Janice was away last week managing the Buck clinic’s in Kalispell and shared a little bit about the experience. “A few of the ranch staff and interns had an amazing opportunity last week to ride and/or audit Buck’s clinics in Kalispell and Whitefish. Every time I see him ride, I learn something new and his explanations and descriptions have a way of turning on the light bulb with things I may be struggling to improve.
Being from Michigan, before I came out here I had only worked cattle a couple of times in an arena. It’s a lot different being out on the mountain and moving cattle, but I’m finding it to be oh so fun! As I’ve discovered going out this week and really getting to know the State Section and McKillop, the more you know the country, the easier it is to know where the cattle might like to spill. Brenda has told me it’s important to keep the steers going at a steady walk to avoid them spilling, and when we did so the cattle hummed right along through those sticky sections.
These clinics were some of the most advanced he puts on partly because of the class description but also because of the riders participating. It was a stellar group. Buck was thrilled to be able to teach things he may not normally get to in other clinics. We even had a couple of guests join us since they are at the ranch taking advantage of the month long stay. Guests Michele and Anne-Catherine, Interns Sophie, Flora, and Allie, myself, and of course Shayne and Des! We were so excited to be able to ride in it this season, and everyone learned a ton.
The Whitefish clinic was invitation only and with a smaller number of riders it felt more like a private clinic! Buck helped riders individually with setting their horses up for success with flying lead changes, stopping and backing, leg yielding, and cow working It is always sad when these clinics end, but we look forward to Buck’ return- in the meantime we will be studying hard!”
The hay crew has been pumping right along the last two weeks and finally fished off the hay season at the end of this week. It’s been so exciting to watch them work out in the meadows, and turn out all of those nice bales. Our horses are so lucky to have such nice hay to eat all through the winter, and all thanks to Randy, Will, Willy, Nolan, Anna, Kevin and Scott. Hopefully next years hay season will be just as good!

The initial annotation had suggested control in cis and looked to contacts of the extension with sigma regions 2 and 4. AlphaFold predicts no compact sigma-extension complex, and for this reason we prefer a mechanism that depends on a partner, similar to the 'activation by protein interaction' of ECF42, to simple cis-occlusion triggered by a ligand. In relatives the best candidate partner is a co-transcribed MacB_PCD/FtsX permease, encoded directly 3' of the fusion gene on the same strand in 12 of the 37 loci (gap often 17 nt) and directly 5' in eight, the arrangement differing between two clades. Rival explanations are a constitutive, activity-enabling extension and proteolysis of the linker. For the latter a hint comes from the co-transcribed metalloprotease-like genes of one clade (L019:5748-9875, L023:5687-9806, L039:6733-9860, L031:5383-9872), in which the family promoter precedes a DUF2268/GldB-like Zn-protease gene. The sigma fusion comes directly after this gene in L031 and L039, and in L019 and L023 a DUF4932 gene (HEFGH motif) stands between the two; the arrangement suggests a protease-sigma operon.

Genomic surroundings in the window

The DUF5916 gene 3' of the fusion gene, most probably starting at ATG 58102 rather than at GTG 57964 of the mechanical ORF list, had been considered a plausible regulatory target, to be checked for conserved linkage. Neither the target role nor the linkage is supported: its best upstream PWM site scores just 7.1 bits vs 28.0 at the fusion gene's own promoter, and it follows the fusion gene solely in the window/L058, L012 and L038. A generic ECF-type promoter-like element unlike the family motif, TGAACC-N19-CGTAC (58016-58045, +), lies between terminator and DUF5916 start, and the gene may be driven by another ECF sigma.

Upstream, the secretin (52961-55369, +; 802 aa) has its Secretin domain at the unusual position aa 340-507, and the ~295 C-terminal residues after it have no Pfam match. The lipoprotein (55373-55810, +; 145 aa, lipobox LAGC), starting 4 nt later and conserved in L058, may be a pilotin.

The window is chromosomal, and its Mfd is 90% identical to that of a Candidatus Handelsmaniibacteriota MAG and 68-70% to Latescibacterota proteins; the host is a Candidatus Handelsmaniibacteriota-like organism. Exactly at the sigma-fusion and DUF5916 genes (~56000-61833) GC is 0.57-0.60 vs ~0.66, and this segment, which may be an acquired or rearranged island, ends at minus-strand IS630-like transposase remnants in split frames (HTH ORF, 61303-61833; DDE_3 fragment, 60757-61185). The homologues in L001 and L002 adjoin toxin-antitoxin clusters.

July 25th, 2020, Volume 15, Issue 29
Haying season has finally begun here at McGinnis Meadows! This week Randy, Willy, Anna, Scott and Kevin have begun haying our meadows. In order for us to really crank out these bales the weather needs to be consistently warm and dry and it seems mother nature has finally delivered the weather we need with temps getting even as high as 96 degrees! Everyday at lunch we’ve all been watching out the lodge window as the hay crew works their magic. It’s fun to watch all the tractors, trucks and balers cruising around in the meadow. It’s been neat to see how it all works, and Randy runs a pretty smooth hay operation. I personally like to watch the baler pump out our 600+ pound bales. They all look so perfect sitting out there in the meadow. Once the bales are ready to be picked up Anna, Scott and Kevin have been driving in trucks and trailers and picking them all up and stacking them away like big Lego blocks for later use.
While the hay crew has been busy in the meadow Emily, Maddie, Brenda and myself have been up on the mountain moving steers from the State section to the McKillop piece. Something I always forget is how beautiful the country is here at the ranch. Both the State piece and the McKillop are beautiful, but I have to say I think the views riding out to McKillop are pretty hard to compete with. While the views can be quite distracting, riding out is the perfect opportunity to apply everything we have learned in the arena in a real world setting. As we walked out of the arena to go look for cattle the first thing Maddie asked us was “What do we memorize?” and we all cheered, “RATE!” and off we went with slobber straps a swingin’.
While the steers we gathered were a pretty wiley bunch we managed to wrangle them up together and moved them to the lower water tank on the McKillop piece. It’s always important to remember that when moving steers to a new grazing area that we must first show them a water source before dropping them off. The girls were telling me that when it’s hot like it has been this week the steers tend to stay up high where it’s cooler and where there are fewer buggies. This is why we have been hitting the trail in the early mornings to catch them before they head up to the top. There’s always so much to learn when we ride out and move cattle. Everything from what kind of trees we’re riding through, to what to clues to look for when looking for cattle and knowing where they like to hang out. It really does teach you to keep an eye out for even the smallest details. It’s just part of cowboyin, or in Maddie, Emily and I’s case cowgirlin’.
That’s all for this week,